“When I grew up, I had finished with childish things. Now we see only puzzling reflections in a mirror.”
“Spirituality is an abstract, sensitizing concept that refers to a region of human experience involving awareness of being and transcending a purely personal, self-centered viewpoint,” writes Robert C. Atchley in Spirituality and Aging. “Spiritual experience begins with basic spirituality, an unadorned sense of being. To this is added a sense of ‘I’ as perceiver and actor” (Atchley, 2009, p. 147). Atchley rightly claims that spirituality manifests itself in the Present, where a receptive “I” embraces both Transcendence and Immanence. Spirituality entails at once all-encompassing and intimate relationships with Ultimate Reality. Experienced in one present moment after another, spiritually inclined persons learn how to balance being and doing. Seekers sustain quests for authentic identities while they go about their business in the world. “Spirituality as the transformation and discovery of the self always happens in encounter … an activity constantly stirred up and sustained by the other who calls one out of one's self and into the truth of one's mission in life, out of provisionality and into the adventure of incarnation” (McIntosh, 1998, p. 6).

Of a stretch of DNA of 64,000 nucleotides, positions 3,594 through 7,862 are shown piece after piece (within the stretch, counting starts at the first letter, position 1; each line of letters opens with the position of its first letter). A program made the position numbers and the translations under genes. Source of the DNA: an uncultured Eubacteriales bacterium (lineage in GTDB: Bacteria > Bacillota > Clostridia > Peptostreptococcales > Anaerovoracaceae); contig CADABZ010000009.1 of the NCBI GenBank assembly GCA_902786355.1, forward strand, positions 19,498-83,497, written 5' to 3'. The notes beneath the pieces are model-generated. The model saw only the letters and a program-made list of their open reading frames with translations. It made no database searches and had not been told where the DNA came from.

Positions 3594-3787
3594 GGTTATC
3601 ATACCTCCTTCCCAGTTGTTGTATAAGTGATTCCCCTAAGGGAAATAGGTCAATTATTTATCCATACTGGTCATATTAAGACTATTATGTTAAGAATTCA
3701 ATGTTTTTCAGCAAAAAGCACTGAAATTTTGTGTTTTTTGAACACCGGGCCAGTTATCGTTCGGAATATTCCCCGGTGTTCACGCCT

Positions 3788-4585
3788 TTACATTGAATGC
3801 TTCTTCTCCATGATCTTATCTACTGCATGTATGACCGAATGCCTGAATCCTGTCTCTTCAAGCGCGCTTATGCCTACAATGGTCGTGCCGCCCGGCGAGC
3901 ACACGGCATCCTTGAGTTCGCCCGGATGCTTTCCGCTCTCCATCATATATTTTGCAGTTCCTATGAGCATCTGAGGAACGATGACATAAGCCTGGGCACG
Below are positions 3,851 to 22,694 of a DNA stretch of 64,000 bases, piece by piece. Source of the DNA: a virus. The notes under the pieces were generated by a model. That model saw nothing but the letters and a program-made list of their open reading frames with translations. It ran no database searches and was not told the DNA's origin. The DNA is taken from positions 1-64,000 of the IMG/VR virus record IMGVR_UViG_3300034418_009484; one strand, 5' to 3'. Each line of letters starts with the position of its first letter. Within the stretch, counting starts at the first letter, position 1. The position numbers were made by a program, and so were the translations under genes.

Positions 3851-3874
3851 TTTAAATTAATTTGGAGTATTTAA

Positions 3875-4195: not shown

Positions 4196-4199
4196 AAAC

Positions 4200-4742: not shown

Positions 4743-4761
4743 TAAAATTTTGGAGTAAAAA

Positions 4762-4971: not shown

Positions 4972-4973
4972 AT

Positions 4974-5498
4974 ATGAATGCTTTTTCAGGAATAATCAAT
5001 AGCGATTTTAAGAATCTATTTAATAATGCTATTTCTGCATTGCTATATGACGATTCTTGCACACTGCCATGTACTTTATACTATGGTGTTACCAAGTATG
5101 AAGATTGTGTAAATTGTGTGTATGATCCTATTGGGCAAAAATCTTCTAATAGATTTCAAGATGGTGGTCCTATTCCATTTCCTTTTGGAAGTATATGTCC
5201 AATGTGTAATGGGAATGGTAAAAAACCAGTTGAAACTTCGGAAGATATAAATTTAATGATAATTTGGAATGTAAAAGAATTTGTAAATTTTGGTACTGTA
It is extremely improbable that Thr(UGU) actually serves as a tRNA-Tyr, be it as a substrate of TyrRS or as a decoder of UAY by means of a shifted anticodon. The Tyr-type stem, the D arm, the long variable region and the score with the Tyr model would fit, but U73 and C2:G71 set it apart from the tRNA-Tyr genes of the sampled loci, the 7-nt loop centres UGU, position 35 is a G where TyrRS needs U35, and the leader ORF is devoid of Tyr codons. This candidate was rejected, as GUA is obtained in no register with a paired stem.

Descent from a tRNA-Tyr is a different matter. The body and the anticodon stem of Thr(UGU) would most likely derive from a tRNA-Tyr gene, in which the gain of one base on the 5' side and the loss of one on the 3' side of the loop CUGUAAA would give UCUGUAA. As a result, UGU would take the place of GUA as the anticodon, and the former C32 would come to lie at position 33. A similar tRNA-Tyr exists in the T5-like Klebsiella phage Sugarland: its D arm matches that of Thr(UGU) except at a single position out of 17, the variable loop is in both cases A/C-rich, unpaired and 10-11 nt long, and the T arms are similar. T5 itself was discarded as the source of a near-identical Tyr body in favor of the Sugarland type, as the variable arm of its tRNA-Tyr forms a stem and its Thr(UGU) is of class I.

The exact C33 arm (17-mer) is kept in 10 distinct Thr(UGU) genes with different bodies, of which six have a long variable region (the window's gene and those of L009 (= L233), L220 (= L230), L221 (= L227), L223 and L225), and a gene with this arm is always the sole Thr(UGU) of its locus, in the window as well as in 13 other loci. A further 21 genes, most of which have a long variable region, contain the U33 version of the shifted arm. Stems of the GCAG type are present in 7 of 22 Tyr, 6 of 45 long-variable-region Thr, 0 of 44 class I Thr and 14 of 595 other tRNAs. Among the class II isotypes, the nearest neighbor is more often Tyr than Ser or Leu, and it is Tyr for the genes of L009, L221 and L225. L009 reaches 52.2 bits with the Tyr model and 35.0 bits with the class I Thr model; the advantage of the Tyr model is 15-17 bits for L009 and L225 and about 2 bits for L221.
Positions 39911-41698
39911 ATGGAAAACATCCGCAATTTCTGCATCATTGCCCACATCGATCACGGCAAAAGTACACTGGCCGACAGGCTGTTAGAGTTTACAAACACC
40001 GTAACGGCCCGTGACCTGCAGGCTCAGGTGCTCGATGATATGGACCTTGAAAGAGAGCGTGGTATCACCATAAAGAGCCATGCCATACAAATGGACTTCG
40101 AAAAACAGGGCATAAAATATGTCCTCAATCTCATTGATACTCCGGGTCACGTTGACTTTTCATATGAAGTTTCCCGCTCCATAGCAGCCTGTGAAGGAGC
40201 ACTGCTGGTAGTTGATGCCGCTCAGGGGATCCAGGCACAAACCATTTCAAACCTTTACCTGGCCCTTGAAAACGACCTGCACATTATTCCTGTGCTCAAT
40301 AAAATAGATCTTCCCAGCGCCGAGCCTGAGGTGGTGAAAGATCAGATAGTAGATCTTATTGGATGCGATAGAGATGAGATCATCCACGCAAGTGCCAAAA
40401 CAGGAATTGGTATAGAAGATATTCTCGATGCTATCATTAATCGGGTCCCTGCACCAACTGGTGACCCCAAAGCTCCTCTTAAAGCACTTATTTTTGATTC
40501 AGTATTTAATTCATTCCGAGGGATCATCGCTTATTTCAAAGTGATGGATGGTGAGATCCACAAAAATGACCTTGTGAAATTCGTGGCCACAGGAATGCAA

Younger and older seekers usually share certain spiritual traits, such as a history of religiosity and encounters with loss. In most instances, however, spiritual development typically ripens during the second half of life (Clark, 2005). Women and men over forty are the prime consumers and producers of spiritual retreats, workshops, websites, and literature. Promoting spirituality has become big business: Amazon in 2012 offered 132,000 books on spiritual transformation, and 62,000 more under its New Age category. The passage of years nonetheless does not invariably engender spiritual enlightenment. “Developing this capacity is mysterious in that not everyone perceives or accepts the invitation to spiritual consciousness,” notes Atchley, acknowledging aging's diverse patterns. “Yet by later life, a large majority of people are in touch with their inner life and can identify elements of their lives that they perceive to be spiritual” (Atchley, 2009, p. 148).
Writers invoke a variety of metaphors to characterize the mysterious, elusive contours of spirituality and aging. One set, focusing on human actors, highlights “spiritual growth” and “self discovery,” emphasizing the “mature imagination” of “sages” or “spiritual elders” (Biggs, 1999; Koenig, 1994; Moberg and Ellor, 2001; Schachter-Shalomi and Miller, 1995).
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